On April 12, 2021, The Morton Collection Committee released a report on their work of examining the ongoing issues relating to the anatomical collection created by Samuel George Morton (1799-1851), physician, natural scientist, renowned polygenist, and originator of the American School of Anthropology. Morton built a collection of 900 crania to provide “hard evidence” for the superiority of the white race, primarily by measuring the volume of the crania, linking the size of the brain to intellectual ability. The work was published in a series of volumes of which Crania Americana (1839), and Crania Aegyptica (1844) are the most well known. Both are renowned for their detailed drawings of the crania (see below), and both publications used the collection to demonstrate the alleged superiority of the “Caucasian race.” The collection is deposited at the Penn Museum since 1966, and it is now time, the report states, to take responsibility for this collection including developing a process for the repatriation of remains to descending communities.
Morton’s studies have been critically discussed by Stephen J. Gould who argued that they were plagued by implicit bias. This study, and Morton’s implicit bias in general have subsequently been discussed by J. E. Lewis et al., Michael Weisberg and Diane B. Paul, and Paul Wolff Mitchell , and while there is scholarly disagreement on the level of “fudging” in the study, there is a general consensus that Morton’s work was underpinned by the racist doctrine of polygenism, and that his ultimate conclusions as well as his casual remarks throughout the texts were openly racist. His work must also be understood in a context in which it provided scientific evidence that supported the American colonial effort, including attempts to eradicate and marginalise the Native Americans, and the economic system relying on both the transatlantic slave trade and on the labour of enslaved people.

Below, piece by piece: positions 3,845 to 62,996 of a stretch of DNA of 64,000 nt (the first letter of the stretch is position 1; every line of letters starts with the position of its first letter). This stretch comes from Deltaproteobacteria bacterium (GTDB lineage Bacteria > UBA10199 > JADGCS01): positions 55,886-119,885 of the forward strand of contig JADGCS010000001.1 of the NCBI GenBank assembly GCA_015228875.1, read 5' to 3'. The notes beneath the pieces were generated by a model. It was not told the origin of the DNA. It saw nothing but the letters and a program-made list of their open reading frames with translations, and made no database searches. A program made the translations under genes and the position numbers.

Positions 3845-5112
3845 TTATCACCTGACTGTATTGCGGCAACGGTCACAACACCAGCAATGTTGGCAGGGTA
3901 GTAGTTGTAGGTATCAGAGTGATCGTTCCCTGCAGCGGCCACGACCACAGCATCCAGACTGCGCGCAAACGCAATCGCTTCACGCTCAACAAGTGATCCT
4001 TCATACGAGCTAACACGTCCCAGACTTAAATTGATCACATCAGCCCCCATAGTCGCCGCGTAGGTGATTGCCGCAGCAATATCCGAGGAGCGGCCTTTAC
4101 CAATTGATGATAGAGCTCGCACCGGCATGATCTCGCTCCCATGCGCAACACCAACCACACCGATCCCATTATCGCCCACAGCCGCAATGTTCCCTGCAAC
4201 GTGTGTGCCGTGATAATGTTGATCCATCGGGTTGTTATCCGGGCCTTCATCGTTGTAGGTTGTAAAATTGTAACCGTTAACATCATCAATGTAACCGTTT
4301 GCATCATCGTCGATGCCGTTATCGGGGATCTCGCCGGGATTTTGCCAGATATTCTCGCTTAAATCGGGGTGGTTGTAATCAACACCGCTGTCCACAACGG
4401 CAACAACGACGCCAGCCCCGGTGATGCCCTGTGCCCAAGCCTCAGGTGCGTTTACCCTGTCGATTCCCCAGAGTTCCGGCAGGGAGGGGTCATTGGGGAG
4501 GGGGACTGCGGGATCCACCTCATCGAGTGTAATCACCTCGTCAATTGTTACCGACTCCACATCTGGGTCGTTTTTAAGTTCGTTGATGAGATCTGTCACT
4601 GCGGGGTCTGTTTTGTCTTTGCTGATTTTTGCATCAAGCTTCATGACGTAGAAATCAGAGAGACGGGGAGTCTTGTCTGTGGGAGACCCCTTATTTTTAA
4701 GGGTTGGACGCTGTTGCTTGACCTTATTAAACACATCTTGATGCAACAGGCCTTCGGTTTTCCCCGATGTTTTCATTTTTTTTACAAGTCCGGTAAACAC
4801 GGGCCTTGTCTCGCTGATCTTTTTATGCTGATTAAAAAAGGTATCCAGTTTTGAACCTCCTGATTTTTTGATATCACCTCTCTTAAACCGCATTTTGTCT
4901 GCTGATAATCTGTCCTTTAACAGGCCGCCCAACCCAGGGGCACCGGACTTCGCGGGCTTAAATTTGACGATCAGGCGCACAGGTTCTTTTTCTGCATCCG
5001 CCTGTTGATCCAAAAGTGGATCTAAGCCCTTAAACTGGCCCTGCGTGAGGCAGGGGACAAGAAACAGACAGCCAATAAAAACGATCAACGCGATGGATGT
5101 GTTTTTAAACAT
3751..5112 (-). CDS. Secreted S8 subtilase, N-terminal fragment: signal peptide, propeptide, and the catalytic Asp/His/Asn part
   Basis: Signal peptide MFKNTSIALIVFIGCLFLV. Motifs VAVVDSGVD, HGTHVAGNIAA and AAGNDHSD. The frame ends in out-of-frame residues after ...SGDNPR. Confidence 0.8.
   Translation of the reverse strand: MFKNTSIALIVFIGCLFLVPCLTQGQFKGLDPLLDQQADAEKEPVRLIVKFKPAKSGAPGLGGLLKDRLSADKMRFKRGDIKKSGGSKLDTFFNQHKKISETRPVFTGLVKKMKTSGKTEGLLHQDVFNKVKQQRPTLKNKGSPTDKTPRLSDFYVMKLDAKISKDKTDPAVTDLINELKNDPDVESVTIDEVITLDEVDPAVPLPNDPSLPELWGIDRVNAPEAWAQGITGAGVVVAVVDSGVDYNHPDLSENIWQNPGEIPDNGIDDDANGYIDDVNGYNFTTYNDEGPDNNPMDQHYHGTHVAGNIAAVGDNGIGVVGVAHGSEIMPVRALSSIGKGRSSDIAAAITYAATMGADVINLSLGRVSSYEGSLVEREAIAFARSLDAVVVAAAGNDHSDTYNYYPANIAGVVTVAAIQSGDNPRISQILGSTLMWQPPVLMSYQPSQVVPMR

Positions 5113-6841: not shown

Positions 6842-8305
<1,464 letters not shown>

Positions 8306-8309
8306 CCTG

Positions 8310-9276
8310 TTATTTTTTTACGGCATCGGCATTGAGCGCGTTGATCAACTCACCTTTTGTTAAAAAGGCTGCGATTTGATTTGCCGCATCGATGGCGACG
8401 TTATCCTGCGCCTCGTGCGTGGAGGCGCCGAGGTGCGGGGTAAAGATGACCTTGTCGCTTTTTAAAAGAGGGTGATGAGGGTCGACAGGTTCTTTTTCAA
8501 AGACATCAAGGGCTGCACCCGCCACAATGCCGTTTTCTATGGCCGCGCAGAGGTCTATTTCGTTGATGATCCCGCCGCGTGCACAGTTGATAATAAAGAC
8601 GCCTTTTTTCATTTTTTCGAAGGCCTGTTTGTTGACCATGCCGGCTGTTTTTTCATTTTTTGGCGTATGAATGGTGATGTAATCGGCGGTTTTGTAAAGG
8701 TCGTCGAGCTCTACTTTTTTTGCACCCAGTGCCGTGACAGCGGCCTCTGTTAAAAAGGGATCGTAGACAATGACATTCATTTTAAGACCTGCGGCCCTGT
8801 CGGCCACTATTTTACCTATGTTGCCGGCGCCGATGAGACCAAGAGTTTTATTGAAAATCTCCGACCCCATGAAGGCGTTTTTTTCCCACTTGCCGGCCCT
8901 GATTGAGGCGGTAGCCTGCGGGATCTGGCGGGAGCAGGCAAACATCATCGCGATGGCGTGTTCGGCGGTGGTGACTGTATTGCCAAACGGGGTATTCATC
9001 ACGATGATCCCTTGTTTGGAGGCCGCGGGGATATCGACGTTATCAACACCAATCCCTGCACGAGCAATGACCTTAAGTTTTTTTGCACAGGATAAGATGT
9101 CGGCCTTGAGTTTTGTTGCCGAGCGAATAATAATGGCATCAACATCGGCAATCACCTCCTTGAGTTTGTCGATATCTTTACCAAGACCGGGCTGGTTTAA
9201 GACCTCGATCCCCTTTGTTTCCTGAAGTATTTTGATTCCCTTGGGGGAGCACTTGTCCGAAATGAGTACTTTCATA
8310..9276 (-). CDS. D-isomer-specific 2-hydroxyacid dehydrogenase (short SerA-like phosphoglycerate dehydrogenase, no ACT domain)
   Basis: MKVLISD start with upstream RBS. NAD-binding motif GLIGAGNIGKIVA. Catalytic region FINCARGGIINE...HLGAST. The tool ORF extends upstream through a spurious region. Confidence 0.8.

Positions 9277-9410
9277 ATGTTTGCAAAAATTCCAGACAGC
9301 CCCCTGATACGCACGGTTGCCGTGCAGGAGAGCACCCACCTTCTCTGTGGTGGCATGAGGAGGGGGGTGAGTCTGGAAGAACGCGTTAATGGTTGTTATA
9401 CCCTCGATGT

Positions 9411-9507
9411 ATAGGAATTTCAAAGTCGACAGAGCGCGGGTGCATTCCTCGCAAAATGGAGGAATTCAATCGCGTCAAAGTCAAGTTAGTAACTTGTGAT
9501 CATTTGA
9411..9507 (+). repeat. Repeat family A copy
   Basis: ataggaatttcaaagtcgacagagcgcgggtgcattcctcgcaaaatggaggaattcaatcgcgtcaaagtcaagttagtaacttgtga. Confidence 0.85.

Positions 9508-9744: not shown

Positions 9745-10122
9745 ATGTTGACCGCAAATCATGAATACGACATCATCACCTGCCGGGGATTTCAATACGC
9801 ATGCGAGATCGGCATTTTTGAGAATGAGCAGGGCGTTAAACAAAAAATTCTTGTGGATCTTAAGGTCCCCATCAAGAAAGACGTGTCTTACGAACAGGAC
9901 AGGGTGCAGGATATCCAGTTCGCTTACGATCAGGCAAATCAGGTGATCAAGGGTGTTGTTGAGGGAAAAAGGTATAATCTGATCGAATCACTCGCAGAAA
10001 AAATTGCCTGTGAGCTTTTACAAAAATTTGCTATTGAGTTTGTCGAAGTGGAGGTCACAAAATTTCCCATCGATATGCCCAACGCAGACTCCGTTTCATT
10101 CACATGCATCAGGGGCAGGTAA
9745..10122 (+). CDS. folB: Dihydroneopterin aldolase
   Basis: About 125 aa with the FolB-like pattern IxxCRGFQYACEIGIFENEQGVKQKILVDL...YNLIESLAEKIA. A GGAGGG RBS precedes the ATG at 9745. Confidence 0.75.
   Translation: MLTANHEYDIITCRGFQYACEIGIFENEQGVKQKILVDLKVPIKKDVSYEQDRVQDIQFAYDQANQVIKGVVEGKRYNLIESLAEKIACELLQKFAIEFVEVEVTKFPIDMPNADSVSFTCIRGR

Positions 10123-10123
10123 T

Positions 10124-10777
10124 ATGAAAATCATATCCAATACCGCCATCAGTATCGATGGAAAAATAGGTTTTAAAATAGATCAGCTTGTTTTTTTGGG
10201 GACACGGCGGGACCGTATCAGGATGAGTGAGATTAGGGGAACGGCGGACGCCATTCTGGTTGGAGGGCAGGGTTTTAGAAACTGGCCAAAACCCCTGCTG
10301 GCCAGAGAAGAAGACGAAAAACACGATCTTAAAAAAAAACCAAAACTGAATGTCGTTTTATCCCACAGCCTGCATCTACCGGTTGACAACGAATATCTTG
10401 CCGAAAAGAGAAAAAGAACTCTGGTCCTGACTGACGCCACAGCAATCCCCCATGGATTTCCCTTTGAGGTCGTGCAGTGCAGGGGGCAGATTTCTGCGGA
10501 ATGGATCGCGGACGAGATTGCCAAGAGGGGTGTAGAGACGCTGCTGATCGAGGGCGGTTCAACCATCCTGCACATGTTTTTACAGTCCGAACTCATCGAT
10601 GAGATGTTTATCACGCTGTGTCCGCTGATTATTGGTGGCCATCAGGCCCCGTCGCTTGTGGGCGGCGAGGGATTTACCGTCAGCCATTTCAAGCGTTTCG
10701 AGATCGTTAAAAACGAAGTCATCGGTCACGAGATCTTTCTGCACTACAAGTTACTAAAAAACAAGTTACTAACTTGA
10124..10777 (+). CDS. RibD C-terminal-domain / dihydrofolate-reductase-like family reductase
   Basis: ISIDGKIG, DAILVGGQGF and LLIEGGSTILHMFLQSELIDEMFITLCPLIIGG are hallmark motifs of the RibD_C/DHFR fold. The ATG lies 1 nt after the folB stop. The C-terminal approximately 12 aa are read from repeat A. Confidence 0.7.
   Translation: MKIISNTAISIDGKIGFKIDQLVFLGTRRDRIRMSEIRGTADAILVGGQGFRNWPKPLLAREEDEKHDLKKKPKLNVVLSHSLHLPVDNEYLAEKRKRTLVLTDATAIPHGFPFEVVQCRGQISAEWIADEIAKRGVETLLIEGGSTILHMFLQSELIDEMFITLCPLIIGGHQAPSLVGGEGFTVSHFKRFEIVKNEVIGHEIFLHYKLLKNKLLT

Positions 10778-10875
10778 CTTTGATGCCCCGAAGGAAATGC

Like so many other anatomical collections, the Morton collection has a complex history. Morton initially collected 900 crania, and after his death in 1851, the Academy of Natural Sciences in Philadelphia bought and expanded the collection to ca 1.300 specimens. It was moved to the Penn Museum in 1966. We are familiar with similar transitions of historic collections from medical faculties to history museums (e.g. the anatomical collection transfered to the Lund University Historical Museum in 1995, and collections transferred to Gustavianum in Uppsala in 2009 and 2011, etc). When they are transfered to these museums – they are, in many ways, already a part of our history, being the cultural artefacts of a dark heritage of science. However, the fact that these collections are historical does not automatically neutralise them, and they remain both valuable and problematic. Since 2002 the Morton collection has been extensively scanned (over 17.500 CT scans have been distributed to researchers across the world), and the collection has continued to be used for research (source: PennMuseum/The Morton Cranial Collection).
While the collection had been known and debated as problematic for a long time, it appears that the situation came to a tipping point in the summer of 2020. In the report, the Morton Collection Committee clearly states that it was the events following the police killing of George Floyd on May 25, 2020 and the continuously growing influence of the Black Lives Matter movement and renewed calls for racial justice that prompted the institution to critically examine its history and reevaluate its relationship to the Morton collection.
In the US context, and for researchers who are familiar with the impact of the the Native American Graves Protection and Repatriation Act on archaeological collections there since 1990, it seems almost strange that it took this long for the museum to “reassess its practices of collecting, storing, displaying, and researching human remains” and to provide “a visitation location for human remains that provides a quiet, contemplative space for reconnections and consultation visits in its future plans for rehousing the collections.” But this also demonstrates to what extent our practices are shaped by existing guidelines and legal frameworks, and how remains that are not explicitly subject to these have been able to remain more or less unaffected by the developments in other areas of museum practices with regards to human remains. However, it is also clear that the experience from engaging with NAGPRA over the past 30 years has been valuable as the museum develops practices to handle the current situation. It will be interesting to follow this development as a case study for how human remains in these complex and problematic anatomical collections may be curated and returned in the future.
As this work progresses, we must also remain engaged in continuing to examine how the engagement with these collections is shaped by current events, and assure that remains that are not illuminated by the limelight of current political debates are not forgotten. In addition, we should also ask to what extent new technology, like CT scanning, provides new solutions to old problems, or perhaps creates new problems and new ethical frontiers to examine.